In October 2020, I migrated this site from serving static Hugo-based files to a site running on a custom Django-based backend. My internal name for that backend is Cypress, which has no particular meaning other than I wanted something that was an alternative to Wordpress. (Yes, I am aware there is a testing framework by that name, that's a problem for future me.)
So it's been a bit over a year since I decided to write my own custom blogging system. I decided to write about it for a bit because of some recent posts from other bloggers I follow who have also written their own custom blogging systems:
- Jan-Lukas Else's open source Go-Blog recently hit its one year anniversary.
- Colin Walker replied that his own custom system called "(b)log-in" is almost a year old as well
- Another blogger I follow James Van Dyne also wrote his own custom open-source system called Tanzawa, which I believe he started working on earlier this year.
It's an interesting convergence that several different people started working on custom blogging systems within the past year or so. (I'll spare you the speculation that maybe it's a sign of how blogging is coming back or such.) Unlike the above bloggers though, I haven't yet had the guts to make Cypress open source or otherwise publicly accessible. I've thought about it but I hesitate because of reasons:
- The code is probably terrible. I cobbled together a lot of it from a hodgepodge of Python scripts I was using to support the old Hugo-based static site. Still a lot of refactoring and cleanup to do, although there is a real possibility that job may never end.
- The system is highly opinionated. The system follows certain conventions that exist largely due to the structure of the content for my old Hugo site. I'm not yet convinced it would actually be useful for other people to see or use given they may have completely different blogging needs.
- It's not yet 'stable' even though the site has been using it live for more than a year. I don't consider it stable because I'm still constantly making changes, tweaks, adding new features etc. It doesn't help that I'm constantly changing my mind about how I want the site organized!
- I don't have documentation. There are a lot of features that work only by convention, i.e. needing certain files to be in certain places for example, and it will take me a while to document all of those for public consumption.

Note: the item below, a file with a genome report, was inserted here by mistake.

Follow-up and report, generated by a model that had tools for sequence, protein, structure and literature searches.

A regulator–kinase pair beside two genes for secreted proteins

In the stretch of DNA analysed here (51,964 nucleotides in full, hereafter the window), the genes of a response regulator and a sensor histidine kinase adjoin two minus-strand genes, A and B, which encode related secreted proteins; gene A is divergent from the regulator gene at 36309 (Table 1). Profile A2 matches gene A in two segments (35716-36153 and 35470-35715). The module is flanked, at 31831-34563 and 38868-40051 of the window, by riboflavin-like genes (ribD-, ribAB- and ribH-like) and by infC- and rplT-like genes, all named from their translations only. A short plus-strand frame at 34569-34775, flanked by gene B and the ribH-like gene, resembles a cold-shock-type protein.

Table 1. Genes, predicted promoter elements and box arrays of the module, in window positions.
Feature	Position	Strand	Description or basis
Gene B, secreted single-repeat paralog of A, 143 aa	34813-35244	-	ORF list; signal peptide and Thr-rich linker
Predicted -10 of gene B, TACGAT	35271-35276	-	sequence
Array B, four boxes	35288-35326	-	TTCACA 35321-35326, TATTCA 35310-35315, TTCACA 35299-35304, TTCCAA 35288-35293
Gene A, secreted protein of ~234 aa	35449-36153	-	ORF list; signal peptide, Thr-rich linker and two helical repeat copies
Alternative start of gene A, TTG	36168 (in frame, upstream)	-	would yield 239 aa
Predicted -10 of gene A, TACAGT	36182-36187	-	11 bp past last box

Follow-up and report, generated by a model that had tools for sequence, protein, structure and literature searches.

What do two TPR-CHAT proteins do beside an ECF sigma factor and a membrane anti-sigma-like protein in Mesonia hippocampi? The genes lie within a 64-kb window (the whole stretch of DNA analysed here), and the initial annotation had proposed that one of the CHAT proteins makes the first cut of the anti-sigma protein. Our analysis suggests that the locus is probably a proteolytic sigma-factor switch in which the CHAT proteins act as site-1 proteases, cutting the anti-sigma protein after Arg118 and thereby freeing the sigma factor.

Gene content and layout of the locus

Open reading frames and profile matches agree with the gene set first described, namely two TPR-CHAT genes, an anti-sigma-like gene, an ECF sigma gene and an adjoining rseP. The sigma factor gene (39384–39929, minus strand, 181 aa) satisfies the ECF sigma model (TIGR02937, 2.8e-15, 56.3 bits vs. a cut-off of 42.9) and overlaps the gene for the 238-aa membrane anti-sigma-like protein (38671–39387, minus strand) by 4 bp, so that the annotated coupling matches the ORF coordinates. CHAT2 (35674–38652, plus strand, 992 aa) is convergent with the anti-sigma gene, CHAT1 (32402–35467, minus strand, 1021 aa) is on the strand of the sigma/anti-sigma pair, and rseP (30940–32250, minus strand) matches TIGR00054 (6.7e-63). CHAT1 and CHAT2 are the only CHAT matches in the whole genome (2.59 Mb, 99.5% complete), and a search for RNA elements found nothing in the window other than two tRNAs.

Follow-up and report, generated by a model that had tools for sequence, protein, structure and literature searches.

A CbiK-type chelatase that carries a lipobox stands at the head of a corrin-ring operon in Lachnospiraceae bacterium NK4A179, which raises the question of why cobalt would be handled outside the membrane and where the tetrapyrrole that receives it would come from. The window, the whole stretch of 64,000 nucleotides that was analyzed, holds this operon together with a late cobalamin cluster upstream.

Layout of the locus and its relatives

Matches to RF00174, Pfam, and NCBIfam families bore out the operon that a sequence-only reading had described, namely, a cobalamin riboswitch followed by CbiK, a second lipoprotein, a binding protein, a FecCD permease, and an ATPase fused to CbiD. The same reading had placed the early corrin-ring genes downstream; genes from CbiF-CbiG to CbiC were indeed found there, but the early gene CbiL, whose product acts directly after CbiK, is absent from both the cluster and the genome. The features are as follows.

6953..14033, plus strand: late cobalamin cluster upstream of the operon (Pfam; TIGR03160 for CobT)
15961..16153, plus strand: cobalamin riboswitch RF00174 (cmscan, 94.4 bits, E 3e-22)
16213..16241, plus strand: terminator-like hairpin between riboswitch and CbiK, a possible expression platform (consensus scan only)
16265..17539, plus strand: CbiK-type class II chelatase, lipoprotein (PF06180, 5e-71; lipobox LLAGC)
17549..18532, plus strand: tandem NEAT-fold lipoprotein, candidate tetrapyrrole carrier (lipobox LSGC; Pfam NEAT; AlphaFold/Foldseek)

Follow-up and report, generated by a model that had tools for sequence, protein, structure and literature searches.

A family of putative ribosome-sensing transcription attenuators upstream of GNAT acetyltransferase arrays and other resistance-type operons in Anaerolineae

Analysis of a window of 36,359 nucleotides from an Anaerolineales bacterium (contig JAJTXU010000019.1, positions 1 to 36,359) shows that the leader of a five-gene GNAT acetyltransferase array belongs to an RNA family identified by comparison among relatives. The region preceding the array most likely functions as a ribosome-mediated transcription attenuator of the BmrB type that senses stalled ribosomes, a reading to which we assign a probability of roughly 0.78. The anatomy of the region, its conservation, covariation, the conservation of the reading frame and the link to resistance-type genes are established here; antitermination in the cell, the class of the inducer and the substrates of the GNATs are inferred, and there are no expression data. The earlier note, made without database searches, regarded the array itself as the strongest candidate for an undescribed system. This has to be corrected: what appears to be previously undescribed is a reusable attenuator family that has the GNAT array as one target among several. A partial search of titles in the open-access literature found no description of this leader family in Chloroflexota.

I felt the need to write my own system because of specific blogging needs, some of which aren't easily catered to by existing systems. The most critical needs are:
- Able to handle more than 16,000 archive items (a result of my using this site to archive posts from other social media platforms). This was the main reason I switched from Hugo: the sheer number of files made each site rebuild painfully slow.
- All site content should be synced from a separate repository - i.e., I didn't want my content to live only in a database like Wordpress and I wanted the ability to publish simply by uploading a markdown file to the repository. This means the content and the system that serves the site can exist independently of each other. In fact, the site content should still be fully compatible with Hugo. (Although I've already stopped updating the Hugo-based site mirror.)
- Robust searching functions. I often use the site to refer to something I've said in the past or look for old convos or comments or such. This is the reason I needed to have a database in addition to the separate content repository. The content exists separately, but the database does indexing and allows for easier searching by things like date, tag, source, syndication, linked domains, media referenced, location, etc. Cypress actually has a bunch of URLs configured that aren't linked to from anywhere, I use them for my own searching.
The system also handles some Indieweb related features like webmentions.
I also have a general site philosophy of:
- responsiveness and performance
- no annoyances like ads, popups, etc
I'm not sure how long I'm going to keep working on Cypress (it might be forever!). There are features I've long wanted but never got around to. Some examples:
- Mastodon compatibility, i.e. I'd want someone to be able to follow something like firstname.lastname@example.org from a Mastodon instance
- micropub support
- automated tests
And as mentioned I'm constantly tweaking and adding new features whenever I think of them. I suppose it's good that I do these "state of the blogging system" reviews on a regular (annual?) basis, so I can constantly be evaluating the way forward.